The NASDAQ (National Association of Securities Dealers Automated Quotations) is a major US stock exchange. Founded in 1971, NASDAQ is the second largest stock exchange by market capitalisation in the world, the largest being the NYSE.
The NASDAQ is owned by the NASDAQ OMX Group, which also owns eight other exchanges located in Europe and Scandinavia. Over 2,600 companies are listed on the NASDAQ. These are generally companies that develop and manufacture technnology products - like the NASDAQ itself (NASDAQ:NDAQ), listed on its own market since 2002.
The total market cap of all stocks listed on the NASDAQ was around $6 trillion at the start of 2014. $800 to 900 billion worth of stock is traded monthly.
The NASDAQ stock exchange is different from the NYSE or any other traditional exchange as it incorporates an electronic trading system. Founded relatively recently in stock exchange terms, the NASDAQ has never had a traditional open outcry trading floor. All trades were instead made via telephone in the exchange's early history. In 1987, after the Black Monday crash of 19 October, the exchange switched to the SOES (Small Order Execution System), allowing traders to buy and sell completely electronically. This eliminated the problem of brokers not answering their phones, whether accidentally or intentionally.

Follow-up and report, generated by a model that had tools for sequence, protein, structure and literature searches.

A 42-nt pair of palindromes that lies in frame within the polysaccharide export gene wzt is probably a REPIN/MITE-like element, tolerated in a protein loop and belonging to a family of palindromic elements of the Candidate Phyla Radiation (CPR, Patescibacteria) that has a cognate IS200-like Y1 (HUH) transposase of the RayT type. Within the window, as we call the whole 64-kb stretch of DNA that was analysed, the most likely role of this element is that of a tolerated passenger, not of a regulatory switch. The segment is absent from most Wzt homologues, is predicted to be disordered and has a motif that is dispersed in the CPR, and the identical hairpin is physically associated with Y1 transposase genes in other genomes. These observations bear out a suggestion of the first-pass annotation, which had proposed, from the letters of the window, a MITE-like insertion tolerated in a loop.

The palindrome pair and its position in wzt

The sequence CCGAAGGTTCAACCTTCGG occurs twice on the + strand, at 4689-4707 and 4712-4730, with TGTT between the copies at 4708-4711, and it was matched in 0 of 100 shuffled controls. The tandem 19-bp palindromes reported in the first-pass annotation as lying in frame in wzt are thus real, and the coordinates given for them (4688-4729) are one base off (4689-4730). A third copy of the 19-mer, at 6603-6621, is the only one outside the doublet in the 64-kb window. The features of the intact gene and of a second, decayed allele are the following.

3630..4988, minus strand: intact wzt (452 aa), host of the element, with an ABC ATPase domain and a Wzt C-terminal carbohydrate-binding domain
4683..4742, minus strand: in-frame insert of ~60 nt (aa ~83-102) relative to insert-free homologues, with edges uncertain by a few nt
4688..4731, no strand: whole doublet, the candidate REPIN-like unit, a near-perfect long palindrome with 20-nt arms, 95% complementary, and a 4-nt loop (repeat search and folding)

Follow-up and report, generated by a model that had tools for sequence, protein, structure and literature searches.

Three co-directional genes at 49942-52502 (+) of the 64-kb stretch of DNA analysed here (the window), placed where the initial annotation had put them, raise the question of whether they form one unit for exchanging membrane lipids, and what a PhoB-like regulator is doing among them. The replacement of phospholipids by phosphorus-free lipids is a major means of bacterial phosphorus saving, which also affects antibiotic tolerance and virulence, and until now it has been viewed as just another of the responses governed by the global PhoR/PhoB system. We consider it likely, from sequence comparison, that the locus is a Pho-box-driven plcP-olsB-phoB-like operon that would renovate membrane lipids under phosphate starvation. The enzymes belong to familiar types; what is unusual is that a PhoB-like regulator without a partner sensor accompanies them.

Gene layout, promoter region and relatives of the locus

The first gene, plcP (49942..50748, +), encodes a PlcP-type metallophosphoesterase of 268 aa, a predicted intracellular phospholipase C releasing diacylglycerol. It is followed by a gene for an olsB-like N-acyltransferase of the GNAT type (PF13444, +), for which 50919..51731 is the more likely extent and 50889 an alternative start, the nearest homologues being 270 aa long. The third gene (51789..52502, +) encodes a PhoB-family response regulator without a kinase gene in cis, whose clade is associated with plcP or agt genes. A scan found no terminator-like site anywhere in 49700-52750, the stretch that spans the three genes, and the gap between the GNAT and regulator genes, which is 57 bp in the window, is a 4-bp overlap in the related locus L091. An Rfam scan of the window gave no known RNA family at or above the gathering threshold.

The NASDAQ Composite index (NASDAQI:COMPX) is the NASDAQ's main stock index. The Composite is an index of all stocks traded on the NASDAQ and is widely used by those involved in the financial markets as an indicator of the general direction of the US markets, particularly in the area of technology.
The NASDAQ 100 index (NASDAQI:NDX) is an index of the 100 largest non-financial, US-based companies listed on the NASDAQ.
Like their transatlantic cousin, the FTSE 100 (FTSE:UKX), the NASDAQ Composite and 100 are capitalisation weighted indices, meaning their constituent stocks have a greater influence on the value of the index the larger their own market cap. A company valued at $100 million would exert a much greater influence on the index value than a company with a market cap of $1 million. This is different from price weighted indices like the Dow Jones Industrial (DOWI:DJI), where the value of one constituent share, rather than the constituent company's entire market cap, is what determines the level of influence over the index.
Major NASDAQ stocks
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